Scroll on down and claim your daily Wordle victory: the answer to the September 13 (816) game is waiting for you just below. On your way there, you’ll also find a helpful hint for today’s game, as well as a generous sprinkling of general tips if you want to polish your Wordle technique, too.
A solid start soon led me to today’s Wordle answer although looking back, I can see clear as day that I could have got it even earlier, if only I’d been a little less eager to rush headlong into my daily game. Maybe I’ll show a little more thoughtfulness tomorrow. Maybe.
Today’s Wordle hint
(Image credit: Josh Wardle)
A Wordle hint for Wednesday, September 13
A perfectly transparent substance or material, such as clean water or a spotless glass window, could be described using today’s answer. This same word could also be used when talking about something that’s obvious or easily understood too. There are two different vowels hidden in here.
Is there a double letter in today’s Wordle?
No, there is no double letter in today’s puzzle.
Wordle help: 3 tips for beating Wordle every day
Playing Wordle well is like achieving a small victory every day—who doesn’t like a well-earned winning streak in a game you enjoy? If you’re new to the daily word game, or just want a refresher, I’m going to share a few quick tips to help set you on the path to success:
You want a balanced mix of unique consonants and vowels in your opening word. A solid second guess helps to narrow down the pool of letters quickly.The answer could contain letters more than once.
There’s no time pressure beyond making sure it’s done by the end of the day. If you’re struggling to find the answer or a tactical word for your next guess, there’s no harm in coming back to it later on.
Today’s Wordle answer
(Image credit: Future)
What is the #816 Wordle answer?
Here’s that win you were looking for. The answer to the September 13 (816) Wordle is CLEAR.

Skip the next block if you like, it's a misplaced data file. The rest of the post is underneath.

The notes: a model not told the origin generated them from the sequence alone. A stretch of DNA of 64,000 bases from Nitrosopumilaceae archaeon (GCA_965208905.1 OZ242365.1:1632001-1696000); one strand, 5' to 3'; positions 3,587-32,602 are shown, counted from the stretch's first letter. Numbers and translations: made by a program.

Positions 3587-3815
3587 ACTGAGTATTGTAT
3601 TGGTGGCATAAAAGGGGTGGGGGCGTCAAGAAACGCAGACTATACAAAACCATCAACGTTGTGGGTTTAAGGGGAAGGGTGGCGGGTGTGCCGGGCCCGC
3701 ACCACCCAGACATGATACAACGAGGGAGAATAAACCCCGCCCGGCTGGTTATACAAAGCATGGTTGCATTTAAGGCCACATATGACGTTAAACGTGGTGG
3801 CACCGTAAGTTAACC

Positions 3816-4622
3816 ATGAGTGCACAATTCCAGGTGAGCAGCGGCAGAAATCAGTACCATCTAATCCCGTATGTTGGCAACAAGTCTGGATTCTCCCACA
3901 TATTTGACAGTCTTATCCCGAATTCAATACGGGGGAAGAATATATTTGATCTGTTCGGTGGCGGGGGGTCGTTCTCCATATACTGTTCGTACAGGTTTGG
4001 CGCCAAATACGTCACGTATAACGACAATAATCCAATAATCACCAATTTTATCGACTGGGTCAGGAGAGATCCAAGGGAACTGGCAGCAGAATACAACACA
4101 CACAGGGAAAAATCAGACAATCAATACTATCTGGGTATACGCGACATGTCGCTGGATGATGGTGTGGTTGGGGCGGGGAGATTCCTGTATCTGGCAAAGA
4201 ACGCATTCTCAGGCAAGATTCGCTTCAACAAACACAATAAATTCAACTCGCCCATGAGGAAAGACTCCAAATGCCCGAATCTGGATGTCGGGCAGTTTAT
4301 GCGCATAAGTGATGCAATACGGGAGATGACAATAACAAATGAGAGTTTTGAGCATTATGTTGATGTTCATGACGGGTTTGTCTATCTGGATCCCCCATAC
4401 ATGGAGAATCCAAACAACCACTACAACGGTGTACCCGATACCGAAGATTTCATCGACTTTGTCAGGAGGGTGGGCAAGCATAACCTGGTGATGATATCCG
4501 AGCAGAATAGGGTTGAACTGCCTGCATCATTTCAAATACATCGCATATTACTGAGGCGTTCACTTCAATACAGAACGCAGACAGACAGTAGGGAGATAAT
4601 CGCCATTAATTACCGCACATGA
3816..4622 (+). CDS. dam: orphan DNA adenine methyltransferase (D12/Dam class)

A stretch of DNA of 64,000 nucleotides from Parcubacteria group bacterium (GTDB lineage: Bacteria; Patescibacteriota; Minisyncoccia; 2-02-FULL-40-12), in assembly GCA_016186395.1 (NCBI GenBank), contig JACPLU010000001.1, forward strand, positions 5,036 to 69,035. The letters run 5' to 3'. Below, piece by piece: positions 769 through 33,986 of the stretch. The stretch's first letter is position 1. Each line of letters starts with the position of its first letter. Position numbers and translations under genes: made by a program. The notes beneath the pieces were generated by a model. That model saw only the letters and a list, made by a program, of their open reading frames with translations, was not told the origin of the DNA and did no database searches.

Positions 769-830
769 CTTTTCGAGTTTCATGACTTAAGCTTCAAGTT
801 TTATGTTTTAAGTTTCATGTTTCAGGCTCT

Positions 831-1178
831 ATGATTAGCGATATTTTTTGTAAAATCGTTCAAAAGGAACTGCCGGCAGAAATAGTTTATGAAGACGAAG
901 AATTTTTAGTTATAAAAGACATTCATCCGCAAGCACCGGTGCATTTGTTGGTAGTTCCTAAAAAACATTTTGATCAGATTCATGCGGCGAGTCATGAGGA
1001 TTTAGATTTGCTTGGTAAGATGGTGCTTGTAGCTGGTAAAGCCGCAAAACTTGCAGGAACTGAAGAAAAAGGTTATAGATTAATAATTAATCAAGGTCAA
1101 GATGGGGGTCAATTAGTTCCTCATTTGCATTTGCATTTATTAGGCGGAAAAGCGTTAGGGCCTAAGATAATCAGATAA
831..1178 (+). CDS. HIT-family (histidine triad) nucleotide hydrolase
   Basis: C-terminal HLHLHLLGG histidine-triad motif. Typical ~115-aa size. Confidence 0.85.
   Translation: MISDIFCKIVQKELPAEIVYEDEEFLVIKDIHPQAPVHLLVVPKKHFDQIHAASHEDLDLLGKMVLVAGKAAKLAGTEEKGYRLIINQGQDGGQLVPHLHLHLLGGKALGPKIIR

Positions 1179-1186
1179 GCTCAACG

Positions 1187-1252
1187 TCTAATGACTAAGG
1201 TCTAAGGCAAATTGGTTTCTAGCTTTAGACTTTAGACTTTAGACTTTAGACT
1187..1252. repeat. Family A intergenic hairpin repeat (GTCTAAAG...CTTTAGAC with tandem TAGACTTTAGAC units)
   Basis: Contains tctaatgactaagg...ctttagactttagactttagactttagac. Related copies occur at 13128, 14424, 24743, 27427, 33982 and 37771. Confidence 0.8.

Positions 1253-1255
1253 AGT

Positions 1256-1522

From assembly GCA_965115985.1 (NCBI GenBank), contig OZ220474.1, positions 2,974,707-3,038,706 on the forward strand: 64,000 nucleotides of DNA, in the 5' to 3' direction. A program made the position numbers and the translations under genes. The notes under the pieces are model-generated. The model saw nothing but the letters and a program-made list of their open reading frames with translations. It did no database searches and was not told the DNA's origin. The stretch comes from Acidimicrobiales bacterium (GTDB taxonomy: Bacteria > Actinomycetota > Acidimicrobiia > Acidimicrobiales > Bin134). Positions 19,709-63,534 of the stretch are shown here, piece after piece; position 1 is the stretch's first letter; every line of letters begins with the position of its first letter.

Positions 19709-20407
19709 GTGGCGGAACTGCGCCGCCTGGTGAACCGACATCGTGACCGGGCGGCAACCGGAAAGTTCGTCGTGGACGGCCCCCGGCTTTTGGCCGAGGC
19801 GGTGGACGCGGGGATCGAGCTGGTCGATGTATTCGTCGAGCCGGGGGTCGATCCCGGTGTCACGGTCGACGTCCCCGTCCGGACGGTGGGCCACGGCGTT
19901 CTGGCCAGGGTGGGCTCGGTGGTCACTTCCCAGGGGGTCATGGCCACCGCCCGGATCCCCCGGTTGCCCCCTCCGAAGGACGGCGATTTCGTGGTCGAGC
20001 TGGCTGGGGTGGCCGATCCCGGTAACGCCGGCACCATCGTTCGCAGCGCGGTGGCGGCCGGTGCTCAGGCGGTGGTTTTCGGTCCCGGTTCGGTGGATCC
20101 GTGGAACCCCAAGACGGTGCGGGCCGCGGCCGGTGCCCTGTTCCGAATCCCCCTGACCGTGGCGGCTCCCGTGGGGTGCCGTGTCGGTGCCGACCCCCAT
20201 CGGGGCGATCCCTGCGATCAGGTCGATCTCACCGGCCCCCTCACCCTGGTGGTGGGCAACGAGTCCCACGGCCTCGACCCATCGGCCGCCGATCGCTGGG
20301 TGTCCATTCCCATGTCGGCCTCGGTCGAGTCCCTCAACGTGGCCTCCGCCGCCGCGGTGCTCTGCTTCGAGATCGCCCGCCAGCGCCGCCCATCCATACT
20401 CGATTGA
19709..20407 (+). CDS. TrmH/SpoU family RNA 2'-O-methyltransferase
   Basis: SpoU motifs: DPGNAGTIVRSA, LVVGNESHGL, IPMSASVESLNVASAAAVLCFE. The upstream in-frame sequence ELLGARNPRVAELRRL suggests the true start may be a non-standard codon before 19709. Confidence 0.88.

Previous Wordle answers
The last 10 Wordle answers
Knowing previous Wordle solutions can be helpful in eliminating current possibilities. It’s unlikely a word will be repeated and you can find inspiration for guesses or starting words that may be eluding you.
Here are some recent Wordle answers:
September 12: WHISKSeptember 11: OLDERSeptember 10: QUOTESeptember 9: LUCKYSeptember 8: ROUSESeptember 7: DWELLSeptember 6: GNASHSeptember 5: BIRCHSeptember 4: GIDDYSeptember 3: AWAIT
Learn more about Wordle
(Image credit: Nurphoto via Getty)
Wordle gives you six rows of five boxes each day, and it’s your job to work out which five-letter word is hiding by eliminating or confirming the letters it contains.
Starting with a strong word like LEASH—something containing multiple vowels, common consonants, and no repeat letters—is a good place to start. Once you hit Enter, the boxes will show you which letters you’ve got right or wrong. If a box turns ⬛️, it means that letter isn’t in the secret word at all. 🟨 means the letter is in the word, but not in that position. 🟩 means you’ve got the right letter in the right spot.
Your second go should compliment the starting word, using another “good” guess to cover any common letters you missed last time while also trying to avoid any letter you now know for a fact isn’t present in today’s answer. After that, it’s just a case of using what you’ve learned to narrow your guesses down to the right word. You have six tries in total and can only use real words (so no filling the boxes with EEEEE to see if there’s an E). Don’t forget letters can repeat too (ex: BOOKS).
If you need any further advice feel free to check out our Wordle tips, and if you’d like to find out which words have already been used, you can scroll to the relevant section above.
Originally, Wordle was dreamed up by software engineer Josh Wardle, as a surprise for his partner who loves word games. From there it spread to his family, and finally got released to the public. The word puzzle game has since inspired tons of games like Wordle, refocusing the daily gimmick around music or math or geography. It wasn’t long before Wordle became so popular it was sold to the New York Times for seven figures. Surely it’s only a matter of time before we all solely communicate in tricolor boxes.